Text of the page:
The report, presented Monday, looks at Swedish pupils' performance in the international PISA study and at the number of pupils in Sweden who fail to obtain the grades needed to enter upper secondary school.
The latest PISA study was based on tests in literacy, maths and science that were carried out in 2012 among Sweden's 15-year-olds. When the study was published, in December 2013, it created shockwaves as there was a significant drop in performance in all three subject areas and Sweden fell below the OECD average.
As students who were born abroad or who have two foreign-born parents generally perform worse in school in Sweden there has been speculation that increased immigration could be behind Sweden's poor results in the PISA study. Now, however, the National Agency for Education has found that the main reason for the drop is found elsewhere.
Since year 2000, only 14 percent of the drop in performance in the PISA literacy test can be linked to the increased number of students with immigrant backgrounds. This proportion rises somewhat after 2006, when the number of immigrant pupils have increased, but it is still only a part of the explanation. Or, as the National Agency for Education puts it, it is ”a small but significant part” of the explanation.
There is a clearer link, however, between immigrant pupils and performance when it comes to the increasing number of Swedish pupils who fail to obtain the grades needed to enter upper secondary school. In 2006, 10 percent of pupils did not have sufficient results in Swedish, maths and English. In 2015, that figure was 14 percent.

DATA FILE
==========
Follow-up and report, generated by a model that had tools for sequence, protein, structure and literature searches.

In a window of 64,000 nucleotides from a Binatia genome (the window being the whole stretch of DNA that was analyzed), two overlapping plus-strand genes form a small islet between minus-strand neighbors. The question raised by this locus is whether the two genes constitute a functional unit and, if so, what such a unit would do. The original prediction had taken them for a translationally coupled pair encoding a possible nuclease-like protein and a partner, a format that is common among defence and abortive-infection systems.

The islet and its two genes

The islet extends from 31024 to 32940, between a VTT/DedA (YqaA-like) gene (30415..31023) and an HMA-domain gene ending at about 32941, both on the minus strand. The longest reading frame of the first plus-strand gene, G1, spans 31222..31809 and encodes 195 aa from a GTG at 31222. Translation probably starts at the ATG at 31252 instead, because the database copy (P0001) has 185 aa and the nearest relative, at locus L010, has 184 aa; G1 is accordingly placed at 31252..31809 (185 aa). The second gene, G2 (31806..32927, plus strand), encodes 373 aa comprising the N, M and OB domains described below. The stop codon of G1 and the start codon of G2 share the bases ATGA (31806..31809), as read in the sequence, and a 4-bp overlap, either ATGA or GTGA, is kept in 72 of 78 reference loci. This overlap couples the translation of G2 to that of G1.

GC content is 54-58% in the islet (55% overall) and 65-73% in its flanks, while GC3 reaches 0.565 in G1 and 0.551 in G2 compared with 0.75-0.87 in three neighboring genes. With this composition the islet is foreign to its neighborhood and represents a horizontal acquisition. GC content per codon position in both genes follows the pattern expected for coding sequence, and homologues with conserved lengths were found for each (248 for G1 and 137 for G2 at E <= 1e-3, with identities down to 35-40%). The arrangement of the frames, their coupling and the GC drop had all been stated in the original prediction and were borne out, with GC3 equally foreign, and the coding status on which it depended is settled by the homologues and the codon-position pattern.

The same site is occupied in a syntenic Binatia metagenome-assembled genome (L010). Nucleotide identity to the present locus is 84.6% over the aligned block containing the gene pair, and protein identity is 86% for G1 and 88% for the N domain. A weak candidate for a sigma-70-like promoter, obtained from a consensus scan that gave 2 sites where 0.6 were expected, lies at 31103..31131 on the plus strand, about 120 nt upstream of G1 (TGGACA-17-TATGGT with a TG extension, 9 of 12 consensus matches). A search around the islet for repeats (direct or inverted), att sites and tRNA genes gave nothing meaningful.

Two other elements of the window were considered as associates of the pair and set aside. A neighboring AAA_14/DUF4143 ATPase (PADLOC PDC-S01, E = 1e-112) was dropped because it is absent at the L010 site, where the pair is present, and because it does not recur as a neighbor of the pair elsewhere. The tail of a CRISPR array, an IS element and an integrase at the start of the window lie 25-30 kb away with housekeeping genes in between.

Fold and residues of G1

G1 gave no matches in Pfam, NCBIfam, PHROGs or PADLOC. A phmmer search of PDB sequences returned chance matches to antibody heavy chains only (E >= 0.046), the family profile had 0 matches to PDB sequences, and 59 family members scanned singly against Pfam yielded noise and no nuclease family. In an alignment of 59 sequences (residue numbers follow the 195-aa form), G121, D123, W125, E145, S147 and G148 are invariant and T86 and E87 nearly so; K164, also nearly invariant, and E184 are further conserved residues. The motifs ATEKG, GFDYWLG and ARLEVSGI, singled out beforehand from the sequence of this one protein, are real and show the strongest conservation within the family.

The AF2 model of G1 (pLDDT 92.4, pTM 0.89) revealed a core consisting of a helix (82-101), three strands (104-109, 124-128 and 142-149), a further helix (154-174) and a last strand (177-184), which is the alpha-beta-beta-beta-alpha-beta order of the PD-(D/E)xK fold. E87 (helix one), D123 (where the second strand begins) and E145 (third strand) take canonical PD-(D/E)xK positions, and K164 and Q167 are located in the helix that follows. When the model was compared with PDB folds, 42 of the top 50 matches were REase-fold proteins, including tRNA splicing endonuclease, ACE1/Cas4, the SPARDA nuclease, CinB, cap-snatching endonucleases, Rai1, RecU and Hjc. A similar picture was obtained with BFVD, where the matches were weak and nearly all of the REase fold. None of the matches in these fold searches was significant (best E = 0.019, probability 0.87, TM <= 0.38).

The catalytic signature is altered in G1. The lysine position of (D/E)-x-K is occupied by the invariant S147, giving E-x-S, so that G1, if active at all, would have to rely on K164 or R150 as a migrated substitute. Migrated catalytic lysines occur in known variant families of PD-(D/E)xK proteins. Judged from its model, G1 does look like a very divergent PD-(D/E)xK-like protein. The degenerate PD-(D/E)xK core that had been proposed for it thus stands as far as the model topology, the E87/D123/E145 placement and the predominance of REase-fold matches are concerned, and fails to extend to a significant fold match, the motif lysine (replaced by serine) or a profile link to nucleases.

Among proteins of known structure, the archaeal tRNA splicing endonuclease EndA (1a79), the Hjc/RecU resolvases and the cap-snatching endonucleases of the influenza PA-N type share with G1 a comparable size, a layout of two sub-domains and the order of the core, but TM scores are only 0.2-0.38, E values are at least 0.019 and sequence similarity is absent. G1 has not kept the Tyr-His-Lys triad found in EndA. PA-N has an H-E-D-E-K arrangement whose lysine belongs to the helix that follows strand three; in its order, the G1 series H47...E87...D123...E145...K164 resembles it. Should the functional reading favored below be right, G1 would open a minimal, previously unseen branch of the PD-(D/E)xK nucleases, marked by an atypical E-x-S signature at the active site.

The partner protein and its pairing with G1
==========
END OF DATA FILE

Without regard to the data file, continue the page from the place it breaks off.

"Almost the entire increase - up to 85 percent - can be explained by students arriving after the start of school," said Anders Auer, a policy analyst with the National Agency for Education.
Part of the picture is also that pupils who come to Sweden from abroad now are on average two years older when they arrive compared to a decade ago. Back in 2006, the average immigrant child was seven years old. In 2015, the average age was nine.
The general director of the National Agency for Schools, Anna Ekström, said the result of the study published Monday is a clear signal that more resources need to be directed to supporting pupils with foreign backgrounds.
"Teaching is always a difficult matter, but teaching pupils with very diverse backgrounds is of course even more challenging, so this is an important area. The main conclusion for me is that we need to do more in order to make sure that all pupils can learn as much as possible and move to upper secondary education from primary education," said Ekström.